Medieval Dyeing: Blue
There are two sources of natural blue dye: woad and indigo. The woad plant was widely used in Britain right through the medieval period and earlier whereas indigo was a later immigrant to Europe. Both plants produce the same colourant 'indigotin' which makes it impossible to tell by chemical analysis which was used in any particular find. Therefore archaeologists have relied on information about what plants were grown, and on documentary evidence of trade in both dyestuffs to decide whether any specific textile find was dyed with woad or indigo. There is an excellent article about woad in The Thirty Year Journal of Academic Papers published for the SCA's 30 year anniversary.
My first experiment with woad was from plants grown in my own garden. The method used and described below is NOT a medieval method. This gave a nice soft blue - like faded jeans.
- 218gms Woad leaves
- 50 gms wool: one of these skeins had been dyed yellow with marigold
- 1 tsp washing soda
- 50 gms hydrosulphite (dye remover e.g. Run Away)
Make the dye liquor
- Crush the woad leaves, cover with boiling water and steep for a 1/2 hour. Then strain the liquor and squeeze out the leaves.
- Add 1 tsp washing soda and beat vigourously to oxygenate (we used an electric mixer) until all of the liquid has turned blue and then back to yellow.
- Heat liquor to 50 C - it is very important that this temperature is kept evenly and not allowed to increase above 50.
- Sprinkle 1 tsp of hydrosulphite over the still liquor and let sit of 1/2 hour DO NOT STIR (from now on the mix must be kept as still as possible). The hydrosulphite is removing the oxygen from the liqour - when the dyed wool is later exposed to air it will change colour.
Prepare the fibre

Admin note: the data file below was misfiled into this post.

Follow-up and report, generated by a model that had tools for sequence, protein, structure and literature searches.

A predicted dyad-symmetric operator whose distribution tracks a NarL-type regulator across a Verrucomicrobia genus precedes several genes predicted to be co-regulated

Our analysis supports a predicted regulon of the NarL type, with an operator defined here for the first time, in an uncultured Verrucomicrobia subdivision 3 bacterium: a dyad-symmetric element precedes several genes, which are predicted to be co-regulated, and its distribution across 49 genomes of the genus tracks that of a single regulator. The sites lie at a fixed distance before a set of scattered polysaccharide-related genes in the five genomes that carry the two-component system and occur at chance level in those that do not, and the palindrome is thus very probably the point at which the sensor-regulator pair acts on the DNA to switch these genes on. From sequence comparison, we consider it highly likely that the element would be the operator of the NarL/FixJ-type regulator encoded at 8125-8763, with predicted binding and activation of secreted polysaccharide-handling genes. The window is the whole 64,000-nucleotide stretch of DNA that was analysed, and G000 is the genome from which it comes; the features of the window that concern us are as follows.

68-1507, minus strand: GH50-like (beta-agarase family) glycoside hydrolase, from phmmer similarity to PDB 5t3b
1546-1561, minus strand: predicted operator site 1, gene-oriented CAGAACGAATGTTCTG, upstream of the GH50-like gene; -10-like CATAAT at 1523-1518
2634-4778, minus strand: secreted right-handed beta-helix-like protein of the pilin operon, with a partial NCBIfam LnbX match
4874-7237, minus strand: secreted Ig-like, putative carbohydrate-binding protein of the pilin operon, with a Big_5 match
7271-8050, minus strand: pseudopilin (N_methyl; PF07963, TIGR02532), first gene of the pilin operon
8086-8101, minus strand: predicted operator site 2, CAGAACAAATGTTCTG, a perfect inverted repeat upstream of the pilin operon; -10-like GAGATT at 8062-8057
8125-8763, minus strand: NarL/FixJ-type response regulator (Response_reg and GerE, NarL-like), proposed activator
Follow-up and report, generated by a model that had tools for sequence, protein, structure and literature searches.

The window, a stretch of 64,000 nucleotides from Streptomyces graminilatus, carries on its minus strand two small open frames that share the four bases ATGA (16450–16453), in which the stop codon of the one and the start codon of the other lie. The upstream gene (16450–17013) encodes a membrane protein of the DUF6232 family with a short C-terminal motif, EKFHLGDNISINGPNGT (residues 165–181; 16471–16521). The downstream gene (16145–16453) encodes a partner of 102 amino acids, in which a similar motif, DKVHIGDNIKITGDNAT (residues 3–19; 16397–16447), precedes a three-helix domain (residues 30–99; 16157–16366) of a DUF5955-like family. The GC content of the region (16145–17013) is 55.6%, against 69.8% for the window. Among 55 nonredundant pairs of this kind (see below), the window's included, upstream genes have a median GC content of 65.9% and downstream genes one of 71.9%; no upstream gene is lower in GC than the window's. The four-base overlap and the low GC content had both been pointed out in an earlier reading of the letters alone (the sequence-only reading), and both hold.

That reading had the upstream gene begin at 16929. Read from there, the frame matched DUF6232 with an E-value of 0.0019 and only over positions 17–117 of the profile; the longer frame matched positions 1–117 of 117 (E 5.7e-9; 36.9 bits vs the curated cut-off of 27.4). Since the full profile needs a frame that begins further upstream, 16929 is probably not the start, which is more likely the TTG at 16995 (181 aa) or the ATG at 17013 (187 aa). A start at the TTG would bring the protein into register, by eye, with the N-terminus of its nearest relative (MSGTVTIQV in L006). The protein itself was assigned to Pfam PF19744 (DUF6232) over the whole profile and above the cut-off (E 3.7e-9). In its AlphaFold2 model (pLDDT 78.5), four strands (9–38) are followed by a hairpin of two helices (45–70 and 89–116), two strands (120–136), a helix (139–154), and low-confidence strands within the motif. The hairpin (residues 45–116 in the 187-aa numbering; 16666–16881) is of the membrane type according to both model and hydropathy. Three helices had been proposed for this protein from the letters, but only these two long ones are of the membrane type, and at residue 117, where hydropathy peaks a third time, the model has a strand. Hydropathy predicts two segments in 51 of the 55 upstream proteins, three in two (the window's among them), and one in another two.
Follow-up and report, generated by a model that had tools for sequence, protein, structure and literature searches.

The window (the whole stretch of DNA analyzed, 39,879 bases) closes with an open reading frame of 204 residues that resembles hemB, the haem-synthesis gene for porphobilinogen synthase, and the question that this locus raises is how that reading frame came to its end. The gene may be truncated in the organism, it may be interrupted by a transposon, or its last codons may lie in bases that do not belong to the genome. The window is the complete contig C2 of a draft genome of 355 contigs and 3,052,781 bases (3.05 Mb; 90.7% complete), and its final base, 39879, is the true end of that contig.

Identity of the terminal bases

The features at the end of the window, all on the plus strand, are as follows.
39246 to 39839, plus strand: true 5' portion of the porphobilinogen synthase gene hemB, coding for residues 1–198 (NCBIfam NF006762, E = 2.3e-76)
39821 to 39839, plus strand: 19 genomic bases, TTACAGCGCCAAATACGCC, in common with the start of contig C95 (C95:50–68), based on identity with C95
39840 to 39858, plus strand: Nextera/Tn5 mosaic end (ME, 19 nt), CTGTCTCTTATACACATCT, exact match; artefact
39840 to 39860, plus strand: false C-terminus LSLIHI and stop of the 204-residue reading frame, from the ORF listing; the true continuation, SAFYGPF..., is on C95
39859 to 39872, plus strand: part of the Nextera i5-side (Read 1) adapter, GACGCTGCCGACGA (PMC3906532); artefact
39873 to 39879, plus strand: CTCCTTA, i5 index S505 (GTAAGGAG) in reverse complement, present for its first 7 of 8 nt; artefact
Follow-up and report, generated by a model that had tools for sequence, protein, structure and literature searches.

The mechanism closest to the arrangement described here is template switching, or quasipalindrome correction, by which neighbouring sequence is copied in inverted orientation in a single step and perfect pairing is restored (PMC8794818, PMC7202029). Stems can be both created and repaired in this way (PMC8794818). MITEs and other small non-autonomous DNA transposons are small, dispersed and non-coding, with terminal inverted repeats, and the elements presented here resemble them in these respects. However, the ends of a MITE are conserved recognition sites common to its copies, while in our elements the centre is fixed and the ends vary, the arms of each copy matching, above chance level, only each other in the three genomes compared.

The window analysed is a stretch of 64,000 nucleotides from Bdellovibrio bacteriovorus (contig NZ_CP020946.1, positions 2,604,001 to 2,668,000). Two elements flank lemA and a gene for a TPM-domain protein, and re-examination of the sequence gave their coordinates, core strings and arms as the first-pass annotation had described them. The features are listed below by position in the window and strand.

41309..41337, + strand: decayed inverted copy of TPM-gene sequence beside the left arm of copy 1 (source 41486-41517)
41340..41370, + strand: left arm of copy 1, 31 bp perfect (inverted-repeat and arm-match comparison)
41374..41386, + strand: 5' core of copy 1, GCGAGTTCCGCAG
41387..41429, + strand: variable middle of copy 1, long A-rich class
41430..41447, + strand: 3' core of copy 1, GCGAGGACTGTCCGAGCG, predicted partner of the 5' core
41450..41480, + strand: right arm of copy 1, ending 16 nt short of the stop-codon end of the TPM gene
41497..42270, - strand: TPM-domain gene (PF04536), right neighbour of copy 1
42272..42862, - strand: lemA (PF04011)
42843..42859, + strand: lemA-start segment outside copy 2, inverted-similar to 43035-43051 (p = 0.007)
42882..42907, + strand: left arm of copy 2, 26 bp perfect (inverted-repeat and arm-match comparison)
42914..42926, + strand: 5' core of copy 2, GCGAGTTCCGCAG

- While the liquor is sitting (still at 50 C) add the fibre to be dyed to a pot of bucket of warm water so that it is thoroughly wetted.
- It is not necessary to mordant fibre to be dyed with woad or indigo
Dye the wool
- Once the liquor is ready squeeze the excess water out of the fibre and gently add to the liqour - minimising any agitation of the liqour
- Keeping the temperature at 50 C - leave the fibre in the pot for 1/2 hour
- Remove the fibre minimising agitation of the liqour
- Squeeze excess liqour into a holding pot (NOT the dye pot) and rest the fibre in the air for 5 - 15 minutes. The colour will develop over this time but help it along by teaseng the fibre open so that it is all exposed to the air as this is what causes the colour change.
- You can continue to dip and remove the fibre until the depth of colour desired is acheived or the dye bath is exhausted.
- If necessary repeat the final stage of perparing the liqor by sprinkling more hydrosulphite on top of the bath and leaving it 1/2 hour.
Indigo is an eastern plant which came into Europe in a big way in the later medieval and early renaissance period. The following method of dyeing is again not the period method - it uses indigo blocks purchased from a local craft shop and is similar to the woad recipe.
- 185 gms wool + an extra skein dyed yellow with marigold
- 42 gm block of indigo
- 100 gms washing soda
- 50 gms hydrosulphite (dye remover such as Run Away)
Prepare the dye liquor
- Break up the block of indigo and pulverise finely
- Blend indigo with small amount of warm water and mix to a smooth paste
- Blend 100 g washing soda with small amount of water and mix to smooth paste
- Add two pastes together
- Warm large pot of water to 50 C (as above - it will have to be held at this temperature for the entire process)
- Add the dye / soda mix and stir well
- Sprinkle 50 gms hydrosulphite over the still dye liquor and allow to sit for 30 minutes so that the liquor is fully de-oxygenated
Dyeing the fibre
- Make sure that the fibre is thoroughly wetted in warm water.
- Add the fibre to the dye liquor - try to avoid agitating it at all. All the fibre needs to well under the the liquor surface
- Leave in the 50 C dye liquor for 15 - 30 minutes
- Remove carefully, trying not to agitate the liquor. Squeeze out excess liquor into a waiting pot (NOT the dye pot)
- Allow the fibre to air for 5 - 15 minutes and tease it a bit to improve even contact with the air. As with woad it is the exposure to the air that causes the fibre to change colour
- You can repeat this process to get a darker colour - although even our first dip gave a strong royal blue
- Rinse the fibre a couple of times and then once with 1/2 Cup white vinegar with the water
- Finally wash in warm water and rinse and allow to dry